Graham Leggett wrote:
> On Wed, July 4, 2007 2:37 pm, Branko ÄŒibej wrote:
>> Why? I'm really interested: What, exactly, do you (we) gain by that?
> The concept returns to the original method of version control that people
> used before there was version control, and that was to "make a copy of a
> the source directory". Tags modelled like directories are easy for new
> users to understand.
>> Compared to all the real pain it's causing.
> Having introduced this concept during a number of migrations to
> subversion, I honestly haven't seen anyone go through any pain.
Yeah, I have to say that in my experience, Subversion's approach to
branching and tagging has only ever been a benefit to them in terms of
reducing a complex concept to a comprehensible one.
I do see seasoned version control users get tripped up, but it's typically
in slinging the specific command lines needed for merges, not in the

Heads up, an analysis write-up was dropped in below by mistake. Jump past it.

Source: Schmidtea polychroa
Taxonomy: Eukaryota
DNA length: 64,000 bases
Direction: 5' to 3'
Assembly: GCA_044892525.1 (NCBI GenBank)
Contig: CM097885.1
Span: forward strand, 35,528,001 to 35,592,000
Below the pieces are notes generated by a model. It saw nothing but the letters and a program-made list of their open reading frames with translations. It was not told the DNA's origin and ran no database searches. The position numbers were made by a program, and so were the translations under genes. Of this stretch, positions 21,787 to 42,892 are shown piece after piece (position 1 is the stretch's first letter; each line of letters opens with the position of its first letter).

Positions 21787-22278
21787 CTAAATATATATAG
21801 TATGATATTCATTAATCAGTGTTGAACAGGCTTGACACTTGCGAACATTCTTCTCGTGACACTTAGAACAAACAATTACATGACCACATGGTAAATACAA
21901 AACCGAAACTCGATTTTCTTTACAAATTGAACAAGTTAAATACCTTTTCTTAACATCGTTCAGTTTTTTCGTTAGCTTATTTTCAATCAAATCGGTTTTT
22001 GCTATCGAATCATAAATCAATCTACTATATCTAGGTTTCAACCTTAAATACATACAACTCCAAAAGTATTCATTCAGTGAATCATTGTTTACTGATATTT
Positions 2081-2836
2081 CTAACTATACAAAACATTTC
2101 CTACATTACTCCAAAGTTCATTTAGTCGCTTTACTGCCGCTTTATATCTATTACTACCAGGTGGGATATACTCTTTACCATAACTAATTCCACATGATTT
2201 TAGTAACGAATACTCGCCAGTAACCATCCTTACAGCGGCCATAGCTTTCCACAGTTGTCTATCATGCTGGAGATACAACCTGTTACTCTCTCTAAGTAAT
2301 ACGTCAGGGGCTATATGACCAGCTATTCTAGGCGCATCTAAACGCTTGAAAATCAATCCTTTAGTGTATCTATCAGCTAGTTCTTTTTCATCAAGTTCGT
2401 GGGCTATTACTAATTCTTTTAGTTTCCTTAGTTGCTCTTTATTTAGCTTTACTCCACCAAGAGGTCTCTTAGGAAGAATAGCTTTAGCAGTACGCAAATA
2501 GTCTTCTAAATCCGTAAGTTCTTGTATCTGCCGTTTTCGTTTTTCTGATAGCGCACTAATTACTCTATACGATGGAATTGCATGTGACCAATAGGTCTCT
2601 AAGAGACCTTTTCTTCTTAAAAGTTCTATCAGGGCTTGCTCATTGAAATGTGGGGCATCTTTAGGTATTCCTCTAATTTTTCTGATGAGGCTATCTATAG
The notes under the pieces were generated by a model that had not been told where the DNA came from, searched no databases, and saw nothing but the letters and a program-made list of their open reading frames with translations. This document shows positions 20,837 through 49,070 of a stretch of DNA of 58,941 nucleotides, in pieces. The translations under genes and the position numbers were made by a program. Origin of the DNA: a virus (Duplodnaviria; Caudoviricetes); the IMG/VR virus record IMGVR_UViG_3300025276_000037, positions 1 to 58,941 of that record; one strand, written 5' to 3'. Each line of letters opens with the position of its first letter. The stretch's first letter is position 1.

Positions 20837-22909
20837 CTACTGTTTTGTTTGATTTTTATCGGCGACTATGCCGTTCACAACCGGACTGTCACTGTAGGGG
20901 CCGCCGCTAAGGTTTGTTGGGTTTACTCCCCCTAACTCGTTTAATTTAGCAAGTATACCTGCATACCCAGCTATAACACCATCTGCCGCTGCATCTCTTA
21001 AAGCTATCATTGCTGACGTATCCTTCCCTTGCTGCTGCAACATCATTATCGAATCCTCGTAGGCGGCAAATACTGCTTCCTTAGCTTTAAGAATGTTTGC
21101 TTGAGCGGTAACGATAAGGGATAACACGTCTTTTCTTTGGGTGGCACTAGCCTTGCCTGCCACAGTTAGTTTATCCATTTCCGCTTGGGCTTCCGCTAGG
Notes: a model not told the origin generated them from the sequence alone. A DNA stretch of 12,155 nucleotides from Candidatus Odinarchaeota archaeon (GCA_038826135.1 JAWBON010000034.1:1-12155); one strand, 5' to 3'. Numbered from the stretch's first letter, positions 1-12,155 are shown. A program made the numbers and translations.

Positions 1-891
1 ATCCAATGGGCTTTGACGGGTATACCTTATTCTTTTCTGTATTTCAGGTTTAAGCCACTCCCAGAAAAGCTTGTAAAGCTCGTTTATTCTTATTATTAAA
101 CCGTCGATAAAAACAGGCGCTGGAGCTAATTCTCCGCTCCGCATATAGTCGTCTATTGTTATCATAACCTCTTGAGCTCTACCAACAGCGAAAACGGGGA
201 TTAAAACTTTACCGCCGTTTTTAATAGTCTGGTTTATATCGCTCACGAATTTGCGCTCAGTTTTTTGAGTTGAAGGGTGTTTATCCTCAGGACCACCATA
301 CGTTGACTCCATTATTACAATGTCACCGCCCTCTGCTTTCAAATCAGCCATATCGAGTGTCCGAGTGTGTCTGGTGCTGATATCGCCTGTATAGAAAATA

"concept comprehension" department.
There are only two realistic complaints that I can recall seeing leveraged
against Subversion's way of doing branches and tags:
1. all that flexibility makes it harder for Subversion and other third-party
tools to recognize and treat a directory copy as a branch. Common questions
like, "What tags exist?" can't be answered unless the answering system first
understands the policy used to denote tags in a given repository ("stuff
immediately under /tags"; "stuff immediately under an immediate subdirectory
of /tags"; ...)
2. in a multi-project-under-single-trunk repository, whether a tag/branch is
created as a copy of a particular project's directory or of the whole trunk
is a matter of policy, and if not consistent, can really screw up people's
attempts to switch a working copy to such a branch.
C. Michael Pilato <firstname.lastname@example.org>
CollabNet <> www.collab.net <> Distributed Development On Demand
Received on Thu Jul 5 14:18:01 2007